When the pandemic halted indoor dining citywide in March, the Italian Village was coming off its three best-performing years in decades, thanks to the Broadway musical Hamilton’s astoundingly successful three-year run in Chicago. As it became clear that not only restaurants but theatergoing would be on hold indefinitely due to the highly infectious virus, the Italian Village downshifted to survival mode.
Capitanini furloughed most of the 115 staff (it’s now hovering around 20), but kept the salaried management team — including Kurt — intact; they in turn took on whatever work had to be done, from prep to expo, packing to-go orders, bussing and bartending. She consolidated operations to the top-floor Village, leaning into its already solid carryout program, and trimming the menu down to highlight-reel dishes whose components could be cross-utilized. Despite securing PPP funding, Capitanini negotiated with vendors about lessening fees on leased equipment and spent hours on the phone with her cable provider, trying to get unused services turned off. She let go of the restaurant’s longtime PR team and started cold-calling customers, encouraging them to come back as the city edged back into dine-in.
“I felt like I was doing the Jerry Lewis telethon,” she laughs. “‘If you don’t wanna come, there are gift cards!’”
One friend of the family bought a gift card worth $2,000, another regular bought one for $500; elsewhere, a handful of denizens started trickling back. Still, the business is operating at a loss daily. Capitanini recently asked her son, a management consultant, to look at her financial statements.
“He said if it was anyone else, he’d tell them to close,” she says.
A few Fridays ago, before the city once again halted indoor dining in late October, I passed through those old revolving doors to retrieve my to-go order. As the familiar aromas of damp stones, from the marble, mingled with sizzling garlic flooded my nostrils for the first time in eight months, I felt that old warmth spreading outward to the tips of my fingers and toes, tinged with longing. Throughout these long months since life and its everyday joys were so abruptly, necessarily confined to home, it hadn’t occurred to me how much this place meant to me, let alone that I’d been mourning it all along. I glanced down the dark stairwell that led to the Kurt-less La Cantina before hurrying to the second floor from which the sounds of laughter and tinkling plateware beckoned.
Two floors above his typical post, Kurt breezed through the roomier Village dining room and bar in his trademark dark jacket and button-down shirt. The lively scene with its winking frescoed backdrop was nearly indistinguishable from pre-COVID, save for the addition of several plexiglass dividers and notable absence of tables.
“It’s good to see you!” he said, smiling broadly behind his blue mask as he offered an elbow. “You ordered the same as always?”
I rattled off the mix of new and standby favorites weighing down my massive to-go bag: Grilled calamari, salad, minestrone, veal parm for my husband, spaghetti with meat sauce for me, and a bottle of house Chianti.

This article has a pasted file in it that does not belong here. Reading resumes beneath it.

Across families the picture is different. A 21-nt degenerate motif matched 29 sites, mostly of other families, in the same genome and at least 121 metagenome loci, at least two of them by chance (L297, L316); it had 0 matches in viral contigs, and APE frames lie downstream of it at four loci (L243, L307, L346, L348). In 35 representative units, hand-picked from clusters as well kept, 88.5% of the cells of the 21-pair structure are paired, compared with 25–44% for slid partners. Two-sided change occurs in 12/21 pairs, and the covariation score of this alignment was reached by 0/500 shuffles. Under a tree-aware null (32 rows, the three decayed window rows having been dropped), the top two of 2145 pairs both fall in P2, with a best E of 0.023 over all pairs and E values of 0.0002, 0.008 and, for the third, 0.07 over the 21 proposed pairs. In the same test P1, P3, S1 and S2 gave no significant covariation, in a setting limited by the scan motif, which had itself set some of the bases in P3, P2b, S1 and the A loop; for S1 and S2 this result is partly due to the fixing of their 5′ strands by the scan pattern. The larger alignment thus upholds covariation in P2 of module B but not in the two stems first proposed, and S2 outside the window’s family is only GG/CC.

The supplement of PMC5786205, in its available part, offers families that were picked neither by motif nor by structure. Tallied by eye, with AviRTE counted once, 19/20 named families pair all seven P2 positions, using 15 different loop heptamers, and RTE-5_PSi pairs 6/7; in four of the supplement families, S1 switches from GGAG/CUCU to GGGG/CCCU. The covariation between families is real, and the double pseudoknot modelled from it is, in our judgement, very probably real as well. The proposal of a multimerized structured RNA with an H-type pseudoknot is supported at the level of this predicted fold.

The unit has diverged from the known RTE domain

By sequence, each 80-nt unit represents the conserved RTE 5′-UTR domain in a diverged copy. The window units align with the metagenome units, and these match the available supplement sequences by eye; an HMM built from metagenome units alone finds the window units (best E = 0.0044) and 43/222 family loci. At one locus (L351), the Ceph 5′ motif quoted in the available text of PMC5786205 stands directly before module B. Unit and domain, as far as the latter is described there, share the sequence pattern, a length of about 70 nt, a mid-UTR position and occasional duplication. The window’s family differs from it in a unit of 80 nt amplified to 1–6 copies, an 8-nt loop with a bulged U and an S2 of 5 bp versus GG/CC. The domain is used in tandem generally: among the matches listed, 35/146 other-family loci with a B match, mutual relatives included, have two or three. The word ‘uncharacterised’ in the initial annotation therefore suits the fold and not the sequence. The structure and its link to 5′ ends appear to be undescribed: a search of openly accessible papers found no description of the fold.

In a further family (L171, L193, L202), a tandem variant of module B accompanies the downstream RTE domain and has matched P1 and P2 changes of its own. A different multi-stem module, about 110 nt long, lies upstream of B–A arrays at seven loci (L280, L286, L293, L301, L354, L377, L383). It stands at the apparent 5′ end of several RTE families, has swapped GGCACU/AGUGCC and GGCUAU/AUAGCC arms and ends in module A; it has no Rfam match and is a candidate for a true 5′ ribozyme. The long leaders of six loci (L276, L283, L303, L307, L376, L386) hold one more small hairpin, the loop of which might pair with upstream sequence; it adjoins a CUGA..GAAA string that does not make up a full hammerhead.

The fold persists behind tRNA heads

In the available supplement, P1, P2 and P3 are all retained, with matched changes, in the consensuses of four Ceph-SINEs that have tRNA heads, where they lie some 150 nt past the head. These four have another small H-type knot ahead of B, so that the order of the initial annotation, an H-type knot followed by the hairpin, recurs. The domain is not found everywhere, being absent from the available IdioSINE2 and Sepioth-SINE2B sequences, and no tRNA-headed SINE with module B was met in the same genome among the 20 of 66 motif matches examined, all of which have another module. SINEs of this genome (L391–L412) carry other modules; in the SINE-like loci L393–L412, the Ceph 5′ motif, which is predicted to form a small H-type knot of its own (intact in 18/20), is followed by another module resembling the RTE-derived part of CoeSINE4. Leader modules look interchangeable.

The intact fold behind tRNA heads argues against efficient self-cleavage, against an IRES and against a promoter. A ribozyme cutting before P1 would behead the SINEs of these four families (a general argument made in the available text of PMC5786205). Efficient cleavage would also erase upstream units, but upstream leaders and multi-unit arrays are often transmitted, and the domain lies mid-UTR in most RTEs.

These past nine months, Kurt and Gina Capitanini have fielded all kinds of regulars’ requests, from classics that they’ve eliminated from the menu to save costs like the beloved cannelloni— rolls of baked, baked pasta blanketed in sauce — to downright persnickety orders. One night, it was linguine with clam sauce, no clams, add chicken; another it was a Vivere special of fettuccine with lobster and shrimp short-lived enough that Kurt couldn’t remember it.
“The customer showed me a picture, and I said, OK, we will make it exactly the same,” he says. “As long as they want it, we make it.”
It’s this innate hospitality that propels them out of bed each morning to keep this century-old business alive long enough to see the fourth generation assume the helm should they wish to (Capitanini’s daughter Giovanna, who’s 26, has been helping out for the past two years).
Meanwhile, they’re staring down a winter season preceded by another surge in COVID cases, which has prompted an indefinite pause on dining in. Capitanini’s uncle, now in his late 80s and long since retired from the day-to-day operations, recently told her he can’t recall a single time to mirror the year that the Italian Village has endured, which, mind you, spans Prohibition, the Great Depression and the Second World War.
“He’s been asking me, ‘How much longer can you keep going like this?” Capitanini says. “But I need to stay positive and get through this. I feel like I’m still in the hospitality industry, and I still derive pleasure from providing a meal to someone. I guess it’s a lifestyle.”
Like Vivere and my beloved La Cantina, the Village’s inviting dining room has gone dark for now, too. But I know the aromas of garlic sizzling in oil and bubbling meat sauce still faithfully permeate those old marble stairwells, awaiting my first celebratory meal back.
Maggie Hennessy is a Chicago-based restaurant critic and food writer, whose work has appeared in such publications as Eater, Plate, Food52, Wine Enthusiast and others. Follow her on Instagram and Twitter. Follow Resy, too.